Chlordecone Exposure And Risk Of Prostate Cancer
In an article to be published on 21 June 2010 in the Journal of Clinical Oncology, researchers from Inserm (Inserm unit 625 ““ Research Group on Human and Mammalian Reproduction, University of Rennes 1), the CHU (University Hospital Centre) in Pointe Ãƒ Pitre (urology department, University of the French West Indies and Guiana) and from the Center for Analytical Research and Technology (University of Lige, Belgique), show that exposure to chlordecone (also named Kepone), an organochlorine chemical with well defined estrogenic properties used in the French West Indies until 1993, is associated to a significant increased risk of prostate cancer.
Chlordecone is an organochlorine insecticide used in the French West Indies from 1973 to 1993 to control the banana root borer. Permanently polluted soils and waters have remained the primary source of foodstuff contamination, and humans being continue to be exposed to this chemical. Chlordecone is recognized as endocrine disruptor, and is classified by IARC/WHO as possibly carcinogenic to humans.
Research results to be published in the Journal of Clinical Oncology come from an interdisciplinary prostate cancer epidemiology program named Karuprostate (from Karukera, the original Caribbean name of Guadeloupe). A case control study compared the characteristics of 709 consecutive incident cases of prostate cancer and 723 controls without prostate cancer. One of the main objectives of the research programme was to test the hypothesis that chlordecone exposure favors the development of prostate cancer in the French West Indies. Chlordecone exposure was evaluated by measuring its concentration in the blood.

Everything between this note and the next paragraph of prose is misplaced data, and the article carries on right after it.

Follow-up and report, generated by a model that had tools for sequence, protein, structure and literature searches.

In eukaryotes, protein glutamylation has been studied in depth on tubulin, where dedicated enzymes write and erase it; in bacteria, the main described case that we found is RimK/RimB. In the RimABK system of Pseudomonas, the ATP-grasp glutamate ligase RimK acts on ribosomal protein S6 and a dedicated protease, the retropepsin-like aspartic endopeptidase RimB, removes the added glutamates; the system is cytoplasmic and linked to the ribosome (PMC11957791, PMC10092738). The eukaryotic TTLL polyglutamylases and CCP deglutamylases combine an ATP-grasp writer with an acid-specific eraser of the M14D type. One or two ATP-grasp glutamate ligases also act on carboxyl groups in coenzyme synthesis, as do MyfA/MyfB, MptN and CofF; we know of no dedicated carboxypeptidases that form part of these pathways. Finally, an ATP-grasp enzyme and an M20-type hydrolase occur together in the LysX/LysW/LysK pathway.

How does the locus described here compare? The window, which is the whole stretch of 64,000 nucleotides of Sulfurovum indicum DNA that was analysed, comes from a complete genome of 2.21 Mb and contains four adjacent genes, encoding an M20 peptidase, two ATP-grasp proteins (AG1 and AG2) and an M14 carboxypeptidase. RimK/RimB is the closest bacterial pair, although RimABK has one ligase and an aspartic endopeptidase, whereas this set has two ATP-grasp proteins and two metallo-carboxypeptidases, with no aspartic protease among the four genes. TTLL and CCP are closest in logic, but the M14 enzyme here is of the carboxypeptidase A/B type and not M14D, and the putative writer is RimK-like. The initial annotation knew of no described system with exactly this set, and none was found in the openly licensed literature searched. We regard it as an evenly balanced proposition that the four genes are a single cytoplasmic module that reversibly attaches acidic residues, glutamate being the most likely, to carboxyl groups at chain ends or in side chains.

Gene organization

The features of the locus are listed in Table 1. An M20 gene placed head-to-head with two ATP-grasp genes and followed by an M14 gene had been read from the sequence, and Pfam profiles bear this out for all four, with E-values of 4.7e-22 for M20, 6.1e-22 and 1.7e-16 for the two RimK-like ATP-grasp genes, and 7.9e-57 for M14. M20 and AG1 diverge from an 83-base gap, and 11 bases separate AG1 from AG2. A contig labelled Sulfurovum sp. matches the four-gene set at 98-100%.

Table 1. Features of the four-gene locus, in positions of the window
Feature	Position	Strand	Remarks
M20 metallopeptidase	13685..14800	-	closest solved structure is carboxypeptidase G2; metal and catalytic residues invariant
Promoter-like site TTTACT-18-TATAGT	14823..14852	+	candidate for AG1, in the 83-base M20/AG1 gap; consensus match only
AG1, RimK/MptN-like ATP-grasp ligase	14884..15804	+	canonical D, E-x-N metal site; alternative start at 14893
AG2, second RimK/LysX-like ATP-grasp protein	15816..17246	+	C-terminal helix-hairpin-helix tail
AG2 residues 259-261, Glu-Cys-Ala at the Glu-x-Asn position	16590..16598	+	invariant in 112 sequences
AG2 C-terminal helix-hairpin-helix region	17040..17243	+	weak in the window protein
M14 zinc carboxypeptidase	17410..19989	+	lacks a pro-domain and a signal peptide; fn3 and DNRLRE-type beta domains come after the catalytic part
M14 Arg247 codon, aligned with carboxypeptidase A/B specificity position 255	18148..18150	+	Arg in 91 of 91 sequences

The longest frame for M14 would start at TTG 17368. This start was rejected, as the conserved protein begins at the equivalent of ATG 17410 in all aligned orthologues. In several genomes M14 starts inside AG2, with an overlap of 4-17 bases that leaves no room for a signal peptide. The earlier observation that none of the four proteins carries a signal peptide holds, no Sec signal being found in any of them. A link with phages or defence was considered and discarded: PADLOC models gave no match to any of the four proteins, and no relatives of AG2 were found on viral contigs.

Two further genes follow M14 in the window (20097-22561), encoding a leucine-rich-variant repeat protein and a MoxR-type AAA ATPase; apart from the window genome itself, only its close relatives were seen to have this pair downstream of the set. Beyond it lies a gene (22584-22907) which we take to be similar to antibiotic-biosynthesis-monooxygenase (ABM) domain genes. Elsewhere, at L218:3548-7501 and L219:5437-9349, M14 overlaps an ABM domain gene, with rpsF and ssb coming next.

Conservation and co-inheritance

The analysis of the results by the researchers shows that chlordecone exposure is associated to a significant increase in the risk of prostate cancer with increasing plasma chlordecone concentration. These results are supported by the fact that men, presenting genetic variations which reduce their ability to eliminate the molecule, have higher risk of developing the disease.
The prostate cancer risk associated with chlordecone exposure was higher in subjects with a family history of prostate cancer first-degree relatives. Moreover, the prostate cancer risk associated with chlordecone exposure was particularly marked in subjects who had spent some time living in a Western country. According to the authors, several explanations may be given:
“The interaction of family history with prostate cancer may be explained by the presence of genetic susceptibility factors which are common both to the disease and to the chlordecone metabolic pathway but also by similar patterns of exposure, shared by members of a same family”.
“Migration constitutes a period of exposure to specific environmental risk factors, including hazardous chemicals or nutritional agents. Residing in Western countries may induce significant changes in an individual, due, for example, to the adoption of a Western lifestyle, including, in particular, eating habits that may be risk factors for prostate cancer”
These results are the first to suggest that there is a causal relationship between chlordecone exposure and prostate cancer risk, and support the hypothesis that environmental estrogens may be involved in the development of prostate cancer. Such a relationship may be affected by genetic background, together with environmental agents related to diet or lifestyle.
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